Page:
"Of course the Man was wild too. He was dreadfully wild. He didn't even begin to be tame till he met the Woman, and she told him that she did not like living in his wild ways. She picked out a nice dry Cave, instead of a heap of wet leaves, to lie down in; and she strewed clean sand on the floor; and she lit a nice fire of wood at the back of the Cave; and she hung a dried wild-horse skin, tail down, across the opening of the Cave; and she said, 'Wipe your feet, dear, when you come in, and now we'll keep house."
"The Comforters - Until thy feet have trod the Road Advise not wayside folk, Nor till thy back has borne the Load Break in upon the broke. Chase not with undesired largesse Of sympathy the heart Which, knowing her own bitterness, Presumes to dwell apart. Employ not that glad hand to raise The God-forgotten head To Heaven and all the neighbours' gaze -- Cover thy mouth instead. The quivering chin, the bitten lip, The cold and sweating brow, Later may yearn for fellowship -- Not now, you ass, not now! Time, not thy ne'er so timely speech, Life, not thy views thereon, Shall furnish or deny to each His consolation. Or, if impelled to interfere, Exhort, uplift, advise, Lend not a base, betraying ear To all the victim's cries. Only the Lord can understand, When those first pangs begin, How much is reflex action and How much is really sin. E'en from good words thyself refrain, And tremblingly admit There is no anodyne for pain Except the shock of it. So, when thine own dark hour shall fall, Unchallenged canst thou say: I never worried you at all, For God's sake go away! "
"The Ballad of East and West - Oh, East is East, and West is West, and never the twain shall meet, Till Earth and Sky stand presently at God's great Judgment Seat; But there is neither East nor West, Border, nor Breed, nor Birth, When two strong men stand face to face, tho' they come from the ends of the earth! "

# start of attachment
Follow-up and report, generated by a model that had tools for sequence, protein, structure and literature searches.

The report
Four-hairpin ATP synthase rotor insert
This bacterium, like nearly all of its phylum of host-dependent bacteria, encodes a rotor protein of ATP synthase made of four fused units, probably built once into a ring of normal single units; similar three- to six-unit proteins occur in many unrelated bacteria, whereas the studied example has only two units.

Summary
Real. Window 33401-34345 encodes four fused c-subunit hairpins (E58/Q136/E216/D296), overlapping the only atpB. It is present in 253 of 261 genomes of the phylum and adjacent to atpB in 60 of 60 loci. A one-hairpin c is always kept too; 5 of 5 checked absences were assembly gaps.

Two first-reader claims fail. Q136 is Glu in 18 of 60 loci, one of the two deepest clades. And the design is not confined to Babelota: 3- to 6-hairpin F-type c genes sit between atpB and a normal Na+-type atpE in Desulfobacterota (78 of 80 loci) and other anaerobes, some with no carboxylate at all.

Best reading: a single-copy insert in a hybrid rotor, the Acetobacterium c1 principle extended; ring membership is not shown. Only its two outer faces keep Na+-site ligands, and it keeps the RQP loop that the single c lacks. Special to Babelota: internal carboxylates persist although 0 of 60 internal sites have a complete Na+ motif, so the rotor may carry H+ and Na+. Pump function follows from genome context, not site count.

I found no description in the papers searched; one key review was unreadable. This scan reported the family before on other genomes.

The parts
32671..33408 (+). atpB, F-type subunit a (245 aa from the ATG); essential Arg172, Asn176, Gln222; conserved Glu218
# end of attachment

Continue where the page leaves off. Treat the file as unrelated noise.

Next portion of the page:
"We had a kettle; we let it leak: Our not repairing made it worse. We haven't had any tea for a week... The bottom is out of the Universe."
"`We be of one blood, thou and I,' Mowgli answered, `. . . my kill shall be thy kill if ever thou art hungry.'"
"`Let us now praise famous men' - / Men of little showing - / For their work continueth, / And their work continueth, / Broad and deep continueth, / Greater than their knowing!"
"‘There is none like to me !' says the Cub in the pride of his earliest kill; But the jungle is large and the Cub he is small. Let him think and be still. We be of one blood, ye and I."
"A brave heart and a courteous tongue. They shall carry thee far through the jungle, manling."
"A fool there was and he made his prayer (Even as you and I!) To a rag and a bone and a hank of hair (We called her the woman who did not care) But the fool he called her his lady fair - (Even as you or I!)"
"A Nation spoke to a Nation,A Queen sent word to a Throne:Daughter am I in my mothers house,But mistress in my own. The gates are mine to open,As the gates are mine to close,And I set my house in order,Said our Lady of the Snows."
"A scrimmage in a Border Station—A canter down some dark defile—Two thousand pounds of education Drops to a ten-rupee jezail— The Crammer's boast, the Squadron's pride, Shot like a rabbit in a ride!"
"Adam was a gardener, and God, who made him, sees that half of all good gardening is done upon the knees."
"All gods have good points, just as have all priests. Personally, I attach much importance to Hanuman, and am kind to his people—the great gray apes of the hills. One never knows when one may want a friend."
"All the money in the world is no use to a man or his country if he spends it as fast as he makes it. All he has left is his bills and the reputation for being a fool."